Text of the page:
Losing weight is the inevitable go-to-goal of so many people, myself included. Our society is pretty much obsessed with the concept. We witness it every January when we all fall into the “new year, new you” chaos and join the gym with everyone else in the area. It comes up again before big life events like weddings, family reunions, etc. It seems like people are always looking for a way to be more fit.
Want proof? Walk down the magazine aisle at the grocery store and you’ll see an array of headlines with articles touting new diet plans and people’s “100 pound weight loss strategy”. Even men’s fitness magazines are starting to talk about losing weight. It makes sense, almost 35% of the US population is obese.
There are also 135 million results for diets on Google. It’s one of the most searched phrases in Europe and the United States. People will try everything from Atkins to the Subway diet to juice cleanses just to lose a couple of pounds and have their “perfect body.” These diets test our willpower, our stamina and even our friendships once we go into full on hangry mode.
Yes, hanger is a real thing (hunger anger), but I digress.
The thing is, diet alone doesn’t deliver on that “perfect” vision. It doesn’t make or break the outcome when losing weight is the goal. When all of the strategies boil down, it really comes to the motivation of the person losing the weight. It’s about what drives them every day for months that really delivers the outcomes people are looking for. It’s the mothers who are out of breath trying to catch up to their toddler on the playground and don’t want to miss moments with their kids. It’s the man who recently had a heart attack and wants to see his children graduate from college. They’re motivated and they succeed.
Motivation is what drives us. It’s what pushes us when we don’t want to get out of bed, when we’re not ready for change and we just don’t want to keep going. Motivation is the most important factor in persuasion and the technique that’s most often forgotten when we as recruiters start talking to candidates. Why? Well, I have no idea.
Now What Y’all Wanna Do?
During my agency days, I had a client desperately seeking a systems administrator with scripting experience on a Sun Solaris Unix based system in a medical environment. So basically, a needle in a needle stack for a city like Phoenix. It was going to be a challenging to say the very least, yet I’m always up for a good challenge.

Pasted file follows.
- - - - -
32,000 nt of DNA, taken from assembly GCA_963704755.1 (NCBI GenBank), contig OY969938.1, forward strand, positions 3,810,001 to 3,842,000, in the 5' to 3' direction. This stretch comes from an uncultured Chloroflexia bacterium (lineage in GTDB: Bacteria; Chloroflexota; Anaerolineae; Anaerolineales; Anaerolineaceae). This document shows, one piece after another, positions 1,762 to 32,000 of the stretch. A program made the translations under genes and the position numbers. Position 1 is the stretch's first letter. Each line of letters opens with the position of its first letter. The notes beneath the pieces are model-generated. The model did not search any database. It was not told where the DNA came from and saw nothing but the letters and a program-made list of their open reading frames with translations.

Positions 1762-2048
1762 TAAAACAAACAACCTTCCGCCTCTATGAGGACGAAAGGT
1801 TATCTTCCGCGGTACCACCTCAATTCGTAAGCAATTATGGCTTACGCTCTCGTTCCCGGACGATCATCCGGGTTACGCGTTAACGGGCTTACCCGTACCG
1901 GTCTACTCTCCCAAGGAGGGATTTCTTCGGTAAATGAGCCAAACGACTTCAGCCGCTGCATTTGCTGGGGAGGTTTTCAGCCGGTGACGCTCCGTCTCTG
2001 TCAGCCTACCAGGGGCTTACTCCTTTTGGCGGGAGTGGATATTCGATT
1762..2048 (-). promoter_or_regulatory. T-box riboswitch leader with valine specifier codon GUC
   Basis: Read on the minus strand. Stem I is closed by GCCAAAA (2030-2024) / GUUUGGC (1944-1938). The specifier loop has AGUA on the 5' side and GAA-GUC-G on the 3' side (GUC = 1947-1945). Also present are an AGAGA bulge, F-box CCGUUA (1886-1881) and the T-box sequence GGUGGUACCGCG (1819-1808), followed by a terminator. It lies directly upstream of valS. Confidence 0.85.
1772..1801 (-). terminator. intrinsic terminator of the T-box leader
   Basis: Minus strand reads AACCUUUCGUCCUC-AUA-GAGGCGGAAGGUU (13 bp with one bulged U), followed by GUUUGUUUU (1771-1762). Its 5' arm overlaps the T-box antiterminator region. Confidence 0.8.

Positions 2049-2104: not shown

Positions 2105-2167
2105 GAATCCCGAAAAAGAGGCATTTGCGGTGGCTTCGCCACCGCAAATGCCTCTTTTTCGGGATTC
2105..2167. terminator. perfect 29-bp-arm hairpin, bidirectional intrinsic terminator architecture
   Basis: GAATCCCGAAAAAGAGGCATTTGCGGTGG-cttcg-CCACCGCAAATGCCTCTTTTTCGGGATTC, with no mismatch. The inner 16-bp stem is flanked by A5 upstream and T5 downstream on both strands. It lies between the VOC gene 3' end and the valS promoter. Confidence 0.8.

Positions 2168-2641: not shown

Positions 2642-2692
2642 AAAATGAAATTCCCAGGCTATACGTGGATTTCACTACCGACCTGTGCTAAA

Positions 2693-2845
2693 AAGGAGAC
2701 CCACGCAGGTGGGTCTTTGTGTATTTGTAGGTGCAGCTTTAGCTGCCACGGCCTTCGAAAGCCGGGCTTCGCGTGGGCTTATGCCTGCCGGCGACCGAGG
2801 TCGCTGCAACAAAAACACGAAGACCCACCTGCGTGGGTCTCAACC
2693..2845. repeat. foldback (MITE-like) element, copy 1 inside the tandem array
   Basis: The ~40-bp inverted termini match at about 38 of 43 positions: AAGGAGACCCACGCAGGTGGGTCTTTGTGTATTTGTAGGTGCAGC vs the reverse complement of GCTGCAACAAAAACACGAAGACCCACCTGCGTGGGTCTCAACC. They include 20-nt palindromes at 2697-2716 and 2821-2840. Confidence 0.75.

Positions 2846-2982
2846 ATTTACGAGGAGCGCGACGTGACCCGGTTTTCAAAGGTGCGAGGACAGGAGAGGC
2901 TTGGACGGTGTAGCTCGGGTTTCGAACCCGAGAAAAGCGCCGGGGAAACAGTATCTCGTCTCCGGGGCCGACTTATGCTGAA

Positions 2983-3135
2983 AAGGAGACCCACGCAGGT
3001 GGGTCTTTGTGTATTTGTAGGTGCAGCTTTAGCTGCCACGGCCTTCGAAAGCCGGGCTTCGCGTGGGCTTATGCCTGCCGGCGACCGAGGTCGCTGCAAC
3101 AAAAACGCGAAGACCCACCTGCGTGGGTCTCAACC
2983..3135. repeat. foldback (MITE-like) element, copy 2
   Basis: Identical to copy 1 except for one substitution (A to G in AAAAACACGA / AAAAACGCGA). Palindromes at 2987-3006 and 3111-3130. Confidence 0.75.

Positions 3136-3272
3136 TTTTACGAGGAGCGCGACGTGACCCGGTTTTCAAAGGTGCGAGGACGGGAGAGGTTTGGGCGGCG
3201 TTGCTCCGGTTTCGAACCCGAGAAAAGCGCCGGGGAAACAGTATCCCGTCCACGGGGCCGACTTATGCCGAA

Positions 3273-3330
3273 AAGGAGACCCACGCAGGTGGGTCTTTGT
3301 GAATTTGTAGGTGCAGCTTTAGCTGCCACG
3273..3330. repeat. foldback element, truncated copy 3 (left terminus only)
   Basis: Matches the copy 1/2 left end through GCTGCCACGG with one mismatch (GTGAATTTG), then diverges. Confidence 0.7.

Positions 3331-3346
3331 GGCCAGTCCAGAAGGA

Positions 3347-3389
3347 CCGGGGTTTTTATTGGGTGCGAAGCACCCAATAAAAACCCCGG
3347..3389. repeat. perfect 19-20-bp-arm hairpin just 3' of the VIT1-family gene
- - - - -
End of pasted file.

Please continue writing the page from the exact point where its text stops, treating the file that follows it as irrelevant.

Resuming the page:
I placed the position online with the requisite job boards I had at my disposal, knowing full well the post and pray method was not going to be the approach that was going to get me that placement. You have to cover your bases in recruiting so I figured, what the hell. Deep down, I knew I needed a different methodology for this role, something more out of the box.
Note, this was way before discovering the great Glen Cathey’s website or conversations at a beach bar with Stacy Zapar about LinkedIn. Rather, this was a straight outta Compton search doing cold calling into companies. I started with a list of a few companies that used this type of technology and started to call them when it happened.
A current contractor that was working for me called with a referral. You see, I told all of my contractors that if they ever hear a coworker (that didn’t work for me, of course) upset with their situation to give me a call. I always paid good referral money and they knew it, so I did get good recommendations that usually panned out. Back to the motivation thing – that was theirs. More money, more referrals.
This Is For My Homey
Ted, was the stereotypical computer geek. The guy was like Melvin from the movie Office Space. Although he was a tad thinner, he had the mustache and everything. A big lug of a man that was like an action figure for nerds, complete with pocket protector and calculator watch. If you haven’t seen the movie, Melvin was motivated by his red stapler. It became a staple joke for those of us who loved the irony of the movie, working in our own cube farms.
So back to the candidate. I took the time to ask Ted the usual recruiting questions – what was his situation, was he ok with the commute, etc. I finally ended with the salary negotiation. “So where are you at and where do you need to be in your financial situation?” I asked. He told me that frankly, it was not money that motivated him as much as a larger monitor and an office with natural light.